Pipe Bomb Plot Demonstrates Ongoing Threat From Lone Wolves

Although Jose Pimentel appears to be the latest in a long line of hopeless "lone wolves, the case also demonstrates the (very slight) success of al-Qaeda's strategy in the West.
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The pipe bomb, a hallmark of many a half-witted terrorist venture, made a reappearance yesterday when Mayor Bloomberg of New York announced the arrest of Jose Pimentel. The Dominican-born American convert to Islam is accused of planning to use the device to target U.S. post offices and military personnel returning from active duty in Afghanistan. Although he appears to be the latest in a long line of hopeless "lone wolves," there are aspects of this story which are worth keeping in mind.

It appears that Pimentel constructed the bomb using instructions found in Inspire magazine, an online English-language publication created by al-Qaeda in the Arabian Peninsula (AQAP). The magazine was run by Anwar al-Awlaki and his media-savvy sidekick Samir Khan until their recent assassination, and is designed to target Western Muslims and mobilize them in the cause of global jihad. Its pages therefore offer the requisite ideological, strategic and tactical information for carrying out attacks on Western cities, while also encouraging the lone wolf model. Pimentel appears to fit this mold, and according to Mayor Bloomberg, there is "no evidence he worked with anyone else."

Inspire's first issue includes a section entitled "How to Make a Bomb in the Kitchen of Your Mom," which offers instructions for building precisely the same device shown in the picture released by the New York Police Department. The police commissioner also suggested that Pimentel was a follower of Awlaki's, a recurring feature now to be expected of almost any Western jihadi terrorist suspect.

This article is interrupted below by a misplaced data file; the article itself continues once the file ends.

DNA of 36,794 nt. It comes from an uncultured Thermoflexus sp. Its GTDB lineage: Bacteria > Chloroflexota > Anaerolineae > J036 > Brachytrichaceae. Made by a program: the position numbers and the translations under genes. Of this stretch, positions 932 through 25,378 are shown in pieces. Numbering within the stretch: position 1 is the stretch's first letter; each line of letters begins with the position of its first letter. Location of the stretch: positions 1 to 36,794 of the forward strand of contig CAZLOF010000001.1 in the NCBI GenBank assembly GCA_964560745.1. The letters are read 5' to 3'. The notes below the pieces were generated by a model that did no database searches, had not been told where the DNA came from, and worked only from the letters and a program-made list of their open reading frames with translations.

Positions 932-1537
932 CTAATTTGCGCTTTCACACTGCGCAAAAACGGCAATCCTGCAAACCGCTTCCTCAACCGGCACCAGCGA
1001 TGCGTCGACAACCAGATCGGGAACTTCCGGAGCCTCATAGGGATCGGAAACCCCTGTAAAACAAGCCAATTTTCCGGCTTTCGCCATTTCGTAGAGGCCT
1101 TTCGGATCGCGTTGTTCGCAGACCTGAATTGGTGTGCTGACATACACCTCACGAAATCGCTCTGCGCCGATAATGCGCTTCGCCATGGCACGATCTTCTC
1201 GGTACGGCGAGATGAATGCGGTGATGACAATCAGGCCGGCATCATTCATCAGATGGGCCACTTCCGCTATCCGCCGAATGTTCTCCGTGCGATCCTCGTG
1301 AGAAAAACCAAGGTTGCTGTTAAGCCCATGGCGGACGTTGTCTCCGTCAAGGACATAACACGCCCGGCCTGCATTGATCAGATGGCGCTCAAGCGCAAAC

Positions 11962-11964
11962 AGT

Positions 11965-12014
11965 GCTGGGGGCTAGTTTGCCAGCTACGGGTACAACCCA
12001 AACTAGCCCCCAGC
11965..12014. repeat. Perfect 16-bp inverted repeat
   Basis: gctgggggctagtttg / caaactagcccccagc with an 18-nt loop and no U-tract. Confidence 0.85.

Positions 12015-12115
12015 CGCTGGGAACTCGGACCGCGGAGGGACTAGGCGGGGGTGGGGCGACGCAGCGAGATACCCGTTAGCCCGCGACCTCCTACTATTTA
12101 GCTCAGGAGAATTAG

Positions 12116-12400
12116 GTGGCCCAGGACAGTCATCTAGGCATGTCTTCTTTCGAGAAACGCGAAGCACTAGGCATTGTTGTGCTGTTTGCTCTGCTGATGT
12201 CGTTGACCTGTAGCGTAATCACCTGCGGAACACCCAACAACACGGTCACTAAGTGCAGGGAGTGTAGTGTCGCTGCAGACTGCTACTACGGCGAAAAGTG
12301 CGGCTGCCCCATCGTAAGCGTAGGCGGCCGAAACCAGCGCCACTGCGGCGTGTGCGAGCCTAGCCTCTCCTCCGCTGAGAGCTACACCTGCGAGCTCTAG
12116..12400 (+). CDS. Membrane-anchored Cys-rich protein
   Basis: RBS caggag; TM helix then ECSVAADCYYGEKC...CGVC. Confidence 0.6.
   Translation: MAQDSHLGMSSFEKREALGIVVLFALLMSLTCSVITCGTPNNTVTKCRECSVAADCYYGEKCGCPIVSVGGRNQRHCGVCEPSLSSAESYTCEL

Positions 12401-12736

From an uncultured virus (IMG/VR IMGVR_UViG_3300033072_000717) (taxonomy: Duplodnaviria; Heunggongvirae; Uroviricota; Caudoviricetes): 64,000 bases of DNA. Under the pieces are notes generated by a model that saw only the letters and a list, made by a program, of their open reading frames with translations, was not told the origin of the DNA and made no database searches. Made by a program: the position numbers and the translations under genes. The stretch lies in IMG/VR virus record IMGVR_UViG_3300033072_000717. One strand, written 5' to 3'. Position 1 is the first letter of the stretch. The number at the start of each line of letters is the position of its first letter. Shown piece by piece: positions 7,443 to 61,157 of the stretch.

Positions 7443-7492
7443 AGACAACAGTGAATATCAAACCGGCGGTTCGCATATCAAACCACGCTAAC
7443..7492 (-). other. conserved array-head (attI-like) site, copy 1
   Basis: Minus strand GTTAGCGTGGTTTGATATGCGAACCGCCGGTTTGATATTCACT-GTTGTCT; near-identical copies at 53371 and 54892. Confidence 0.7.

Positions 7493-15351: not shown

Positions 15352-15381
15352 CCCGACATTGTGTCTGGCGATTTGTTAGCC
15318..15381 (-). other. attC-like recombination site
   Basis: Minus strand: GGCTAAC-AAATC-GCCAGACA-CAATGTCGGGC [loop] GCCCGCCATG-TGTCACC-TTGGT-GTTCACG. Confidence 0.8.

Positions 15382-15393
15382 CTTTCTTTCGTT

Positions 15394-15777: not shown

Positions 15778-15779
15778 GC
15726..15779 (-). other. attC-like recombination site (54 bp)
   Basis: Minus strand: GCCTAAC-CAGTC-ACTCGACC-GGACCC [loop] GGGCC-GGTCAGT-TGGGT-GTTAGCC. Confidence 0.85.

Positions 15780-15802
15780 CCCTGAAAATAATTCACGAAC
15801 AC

Not only does this case contribute towards answering the ongoing questions about the potential of Awlaki's work to continue to inspiring terrorism after his death, but also demonstrates the (very slight) success of al-Qaeda's strategy in the West.

Even before 9/11, al-Qaeda strategists had already begun devising ways in which they could project their ideas across the globe. They concluded that in order to survive the group had to morph into something more akin to a social movement, thus freeing itself from the shackles of a formal and tightly-knit organization. Through the establishment of online media centers and support for charismatic preachers, they therefore sought to inspire support for the group on a global scale. They would no longer need to venture out in search of recruits; enthusiastic supporters would come to them, or even remain hidden in their host societies and strike without warning.

Much of these efforts have focused on the English-speaking world, identified as fertile ground for recruitment due to its relative freedoms compared to the police states in the Arab world. Freedom of speech and lack of internet censorship meant that for many years jihadi websites and media centers operated with impunity, and in some cases they still do.

Inspire was but one of the conduits through which Awlaki sought to inspire a mass-movement in support of al-Qaeda in the West. Before his formal affiliation with al-Qaeda, he had produced a number of lectures in which he sought to tailor the key aspects of al-Qaeda's ideology so that it would appeal to a Western audience. He has succeeded in doing this, albeit to a much smaller extent that he had hoped. There are now many examples of young Western Muslims who have acted alone in their pursuit of the glories of the hereafter after consuming al-Qaeda media.

In May 2010, London-student Roshonara Choudhry nearly killed British legislator Stephen Timms after stabbing him at his local doctor's office in East Ham. Also completely unconnected to any terrorist group, she was moved by Awlaki's work, which she had come across on YouTube only months earlier, and decided to kill Timms due to his support for the Iraq war. Thus far, she has been among the more successful of this type of jihadi in recent years (the worst example being Nidal Hasan, who killed 12 fellow soldiers and a civilian in Fort Hood, Texas), and thankfully most have turned out like Pimentel. As the global jihadist threat begins to diminish in the West, these cases remind us that it is not the time to grow complacent.